After the doctor has inquired carefully into the life history of the patient as related to his symptoms or his disease, a physical and laboratory examination may follow. A physical examination may vary from a casual use of inspection, palpation, auscultation, percussion and testing of reflexes, to the use of a great variety of instruments which now extend the senses of the doctor.
Inspection involves use of the eyes. The doctor can see eruptions on the skin, bumps below the surface which stretch the skin, ulcers, bruises, swellings, loss of hair or nails, redness of the throat, fluids coming from the eyes or nose or nipples of the breasts.
With his trained fingers he can feel the margin of the liver, lumps on the smooth surfaces of inner organs, organs out of place, areas of tenderness, broken bones or other disturbances.
He can hear, with his ear alone or with the aid of a stethoscope, changes in the sounds of the lungs and heart and intestines. He can thump the chest and abdomen and detect areas of fluid or solidity.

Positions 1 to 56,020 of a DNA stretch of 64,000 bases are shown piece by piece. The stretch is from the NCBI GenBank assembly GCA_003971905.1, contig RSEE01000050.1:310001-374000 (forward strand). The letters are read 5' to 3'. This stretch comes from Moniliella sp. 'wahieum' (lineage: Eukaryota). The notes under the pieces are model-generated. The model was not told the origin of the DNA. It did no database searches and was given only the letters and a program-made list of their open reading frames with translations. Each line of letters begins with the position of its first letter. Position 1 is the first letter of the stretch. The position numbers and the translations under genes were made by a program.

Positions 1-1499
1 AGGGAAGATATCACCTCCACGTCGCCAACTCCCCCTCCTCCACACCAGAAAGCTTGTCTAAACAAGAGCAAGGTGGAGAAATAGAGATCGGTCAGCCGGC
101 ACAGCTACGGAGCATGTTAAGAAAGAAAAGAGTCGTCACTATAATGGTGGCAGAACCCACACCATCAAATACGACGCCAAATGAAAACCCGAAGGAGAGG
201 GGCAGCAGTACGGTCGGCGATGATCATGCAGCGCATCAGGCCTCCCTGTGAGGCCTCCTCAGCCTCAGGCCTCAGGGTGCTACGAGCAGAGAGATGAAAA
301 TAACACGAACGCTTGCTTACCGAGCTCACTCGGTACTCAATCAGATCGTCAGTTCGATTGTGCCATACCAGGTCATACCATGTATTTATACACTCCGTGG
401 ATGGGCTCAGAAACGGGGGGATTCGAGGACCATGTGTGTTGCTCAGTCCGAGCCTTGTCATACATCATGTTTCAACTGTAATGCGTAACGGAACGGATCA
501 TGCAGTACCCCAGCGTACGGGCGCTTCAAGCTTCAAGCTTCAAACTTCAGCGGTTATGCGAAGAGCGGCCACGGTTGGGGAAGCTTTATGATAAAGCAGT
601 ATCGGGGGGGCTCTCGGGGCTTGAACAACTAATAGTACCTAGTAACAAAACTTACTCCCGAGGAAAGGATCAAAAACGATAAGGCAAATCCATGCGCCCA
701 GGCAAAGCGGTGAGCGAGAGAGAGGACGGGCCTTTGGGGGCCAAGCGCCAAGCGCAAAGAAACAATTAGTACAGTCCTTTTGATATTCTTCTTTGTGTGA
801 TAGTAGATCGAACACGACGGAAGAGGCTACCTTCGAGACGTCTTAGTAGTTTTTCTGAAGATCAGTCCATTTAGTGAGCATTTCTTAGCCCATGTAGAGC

The reflexes, like the knee jerk, and reactions in the skin tell him about the integrity of the nervous system.
With a variety of instruments, he can look into the eye with the ophthalmoscope, the ear with the otoscope, the nose with the rhinoscope, the throat with the laryngoscope and the pharyngoscope, the lungs with the bronchoscope, the stomach with the gastroscope, the bladder with the cystoscope, and the rectum with the proctoscope. With the sphygmomanometer he measures the blood pressure; with the electrocardiograph he records the motions of the heart; with the basal metabolic apparatus he determines the rate of the body chemistry. The X-ray shows changes in organs and tissues far below the surface of the body. A spirometer may be used to determine the amount of air taken in by the lungs during respiration.